The production lines are humming, sales rooms are buzzing, and people are actually fighting to get on waiting lists – all for a slice of EV (electric vehicle) action. The first serious production – volume electric cars are here – and the dawn of an era of green personal transport has been proclaimed. This is all important news, with vehicle tail pipes accounting for some 20% of all US emissions. A ripple of excitement around electric cars is definitely needed to help choke off those CO2 out-gassings. But there is still a problem, even with EVs: although the tailpipes will no longer be puffing, emissions will only be out of sight, and not out of the air.
The idea of the electric car is simple enough: replacing a gasoline combustion engine with an electric motor which drives transmission. Most make use of a battery, which is charged up overnight by a connection to a household socket. Just drive home, and plug in. So, with no engine burning up fuel, the electric car becomes a zero-emission car, doesn’t it? Unfortunately no.
Current Electric Cars are not “Zero Emission”
Firstly, plenty of the models coming onto the market are not propelled purely by electric motors. For example, the Chevy Volt is a plug-in hybrid. It uses the electric motor until its battery is partially discharged, and then the gasoline motor takes over. The Toyota Prius plug-in also has an electric motor in use for maybe 15 miles before the hybrid gas engine kicks in. The only mass-market pure-electric vehicle making headway is the Nissan LEAF – though Ford is promising a range of hybrids, plug-in hybrids and full-battery versions with its new Focus.
But even putting the gas-electric mix of many of these EVs to one side, you have to remember the emissions story really begins with the source of their electricity. The battery will, typically, be charging from the householder’s main supply. So, in order to assess whether an electric car will be low emissions, you need to look at the emissions make-up of the power utility’s grid. And that depends on the proportion of coal, gas, nuclear and renewables in their electricity-generation mix.
At the moment, the average US electrical supply has 590g of CO2-equivalent of greenhouse gases, wrapped up in each kilowatt-hour. But that does vary enormously from state to state: North Dakota is nearer 1000g, whereas Vermont is as low as 15g per kWh. If these hidden emissions are factored into the calculations of carbon footprints for a 100 mile trip, then both pure electric and plug-in hybrids are found to be pretty close to that of general hybrid cars.
But they do all show a 25-30% reduction in foot print when compared to the standard car – good, but certainly not a game-breaker. The EPA, and local state authorities agree, and none of these new models is being given the much-coveted ‘zero emission’ tag. So does that make all the fireworks around electric car purchases something of a damp squib? Not really: there are several other pluses to these first generation EVs.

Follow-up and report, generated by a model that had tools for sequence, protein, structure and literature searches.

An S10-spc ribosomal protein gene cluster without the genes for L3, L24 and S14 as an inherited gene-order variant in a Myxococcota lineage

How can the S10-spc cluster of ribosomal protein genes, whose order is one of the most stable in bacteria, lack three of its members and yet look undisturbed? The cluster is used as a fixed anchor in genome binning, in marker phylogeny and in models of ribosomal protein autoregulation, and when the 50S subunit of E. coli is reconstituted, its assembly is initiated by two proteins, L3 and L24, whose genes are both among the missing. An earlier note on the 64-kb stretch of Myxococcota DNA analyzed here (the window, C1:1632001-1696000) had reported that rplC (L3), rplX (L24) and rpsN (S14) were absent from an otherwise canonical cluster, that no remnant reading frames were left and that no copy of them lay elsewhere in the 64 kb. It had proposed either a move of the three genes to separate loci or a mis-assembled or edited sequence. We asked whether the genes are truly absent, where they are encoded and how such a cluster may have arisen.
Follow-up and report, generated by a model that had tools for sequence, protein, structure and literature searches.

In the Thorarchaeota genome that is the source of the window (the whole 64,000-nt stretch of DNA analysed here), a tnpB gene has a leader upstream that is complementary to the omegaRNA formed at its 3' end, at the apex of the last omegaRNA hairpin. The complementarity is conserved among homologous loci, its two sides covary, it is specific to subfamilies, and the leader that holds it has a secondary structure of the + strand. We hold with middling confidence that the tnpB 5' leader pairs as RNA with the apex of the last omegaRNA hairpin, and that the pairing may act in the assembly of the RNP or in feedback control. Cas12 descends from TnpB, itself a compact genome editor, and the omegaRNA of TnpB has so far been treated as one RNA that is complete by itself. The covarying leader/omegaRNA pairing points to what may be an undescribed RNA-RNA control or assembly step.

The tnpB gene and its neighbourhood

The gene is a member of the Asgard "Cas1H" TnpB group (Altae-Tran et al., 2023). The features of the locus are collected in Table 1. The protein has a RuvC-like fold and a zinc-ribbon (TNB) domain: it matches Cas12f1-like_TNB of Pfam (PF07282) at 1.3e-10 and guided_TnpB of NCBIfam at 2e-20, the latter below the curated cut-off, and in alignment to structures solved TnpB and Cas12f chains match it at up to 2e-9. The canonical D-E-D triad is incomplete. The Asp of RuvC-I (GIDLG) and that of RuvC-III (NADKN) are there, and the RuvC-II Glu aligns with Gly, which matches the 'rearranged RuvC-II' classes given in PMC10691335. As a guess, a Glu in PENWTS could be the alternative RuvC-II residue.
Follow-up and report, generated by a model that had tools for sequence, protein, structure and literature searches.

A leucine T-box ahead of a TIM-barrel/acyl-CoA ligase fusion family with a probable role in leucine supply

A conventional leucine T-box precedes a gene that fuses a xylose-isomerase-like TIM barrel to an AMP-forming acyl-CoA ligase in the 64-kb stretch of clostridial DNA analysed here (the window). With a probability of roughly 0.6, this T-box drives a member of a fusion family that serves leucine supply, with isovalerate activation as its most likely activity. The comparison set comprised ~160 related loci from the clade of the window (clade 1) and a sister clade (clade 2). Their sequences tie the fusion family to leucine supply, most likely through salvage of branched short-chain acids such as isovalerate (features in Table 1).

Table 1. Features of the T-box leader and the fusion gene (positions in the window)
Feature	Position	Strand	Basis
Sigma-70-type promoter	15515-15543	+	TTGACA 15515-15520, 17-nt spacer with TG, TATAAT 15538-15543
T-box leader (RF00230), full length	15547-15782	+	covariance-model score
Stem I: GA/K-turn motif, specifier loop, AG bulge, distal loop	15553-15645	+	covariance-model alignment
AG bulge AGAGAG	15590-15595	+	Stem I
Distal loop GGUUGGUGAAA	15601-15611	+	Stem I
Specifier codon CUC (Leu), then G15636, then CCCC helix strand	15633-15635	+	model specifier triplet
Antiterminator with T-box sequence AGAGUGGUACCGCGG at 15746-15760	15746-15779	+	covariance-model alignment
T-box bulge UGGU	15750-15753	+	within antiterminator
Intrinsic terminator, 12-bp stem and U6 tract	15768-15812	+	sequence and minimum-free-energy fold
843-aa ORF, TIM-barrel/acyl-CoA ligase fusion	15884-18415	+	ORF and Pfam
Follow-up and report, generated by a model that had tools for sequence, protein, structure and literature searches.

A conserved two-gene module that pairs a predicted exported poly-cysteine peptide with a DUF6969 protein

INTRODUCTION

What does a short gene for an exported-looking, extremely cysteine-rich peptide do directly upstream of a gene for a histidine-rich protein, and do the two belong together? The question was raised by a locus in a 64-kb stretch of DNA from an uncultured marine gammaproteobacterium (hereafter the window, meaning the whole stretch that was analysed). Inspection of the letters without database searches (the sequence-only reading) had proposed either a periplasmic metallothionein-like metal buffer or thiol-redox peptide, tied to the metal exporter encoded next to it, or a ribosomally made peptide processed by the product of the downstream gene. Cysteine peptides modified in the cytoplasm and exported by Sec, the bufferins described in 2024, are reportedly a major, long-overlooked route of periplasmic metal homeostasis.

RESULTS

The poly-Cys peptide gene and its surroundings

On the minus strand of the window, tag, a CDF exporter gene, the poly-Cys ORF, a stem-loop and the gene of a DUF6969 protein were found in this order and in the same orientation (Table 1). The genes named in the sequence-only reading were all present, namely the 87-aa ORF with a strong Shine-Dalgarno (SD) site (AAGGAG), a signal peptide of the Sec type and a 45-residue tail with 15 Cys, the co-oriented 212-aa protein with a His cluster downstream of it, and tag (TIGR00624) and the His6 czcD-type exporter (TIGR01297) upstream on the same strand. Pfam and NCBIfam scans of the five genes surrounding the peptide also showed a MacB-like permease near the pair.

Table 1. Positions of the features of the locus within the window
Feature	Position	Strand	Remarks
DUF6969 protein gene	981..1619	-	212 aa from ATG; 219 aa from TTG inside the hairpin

The Upsides to New Electric Vehicles
Firstly, there is the major reduction in tailpipe emissions. This means that you are helping to give fresh air a chance in the smog-draped cities of the US. Second, if your daily mileage is 30 miles or less, even plug-in hybrids will be hitting 50-100% electric use. So for those who make mainly short trips, the emissions savings may be greater. And thirdly, you will be helping to kick-start the electrical revolution.
As a critical mass develops, more resources, and research, will be poured into electric propulsion. That will improve the battery life, charging time and the range of electric vehicles. Also, the power utility networks will start making the investments needed to switch over their networks to handle greater off-peak draw – because EV owners will be charging overnight.
This could even hasten the arrival of a ‘smart energy grid’, where grid-connected EV car batteries help balance out demand peaks. Power suppliers will find themselves under pressure to add capacity to the network, and to add it in renewable forms of generation. The buzz from electric cars could really start the ball rolling on transforming the whole utility grid towards a greener future.
This article is a guest post from Edward Seng, a student blogger who owns a blog offering freeware reviews and downloads at BestFreeOnline.net
Image credits: MSVG at flickr under a Creative Commons license; cliff1066™ at flickr under a Creative Commons license
In my mind the best thing about electric cars is that they will help centralize our fossil fuel burning to a few power plants instead of millions of engines. The ability to remove climate emissions either by CCS or fuel switching a few power plants to renewables then get so much easier.
If you do a little research on this, you’ll find that you really missed the mark (unless that was your intention). This has been very popular misinformation for years and most people have moved past this but it’s good that you’ve at least joined the discussion. However, you are still at the beginning of the learning curve, hardly blog-worthy. If you correct your environmental assumptions, even without adding global energy issues, national security issues and personal, local, national and global economic issues, you’ll find that not only do electric cars make a lot of sense, they are absolutely critical. See Plug-In America, the Electrification Coalition, EPRI, RMI (especially their book – “Reinventing Fire”) and the DOE Clean Cities program. After reading more on this, please blog again.
Gary – I’m not sure I understand your criticism – Edward’s post was, overall, supportive of electrification.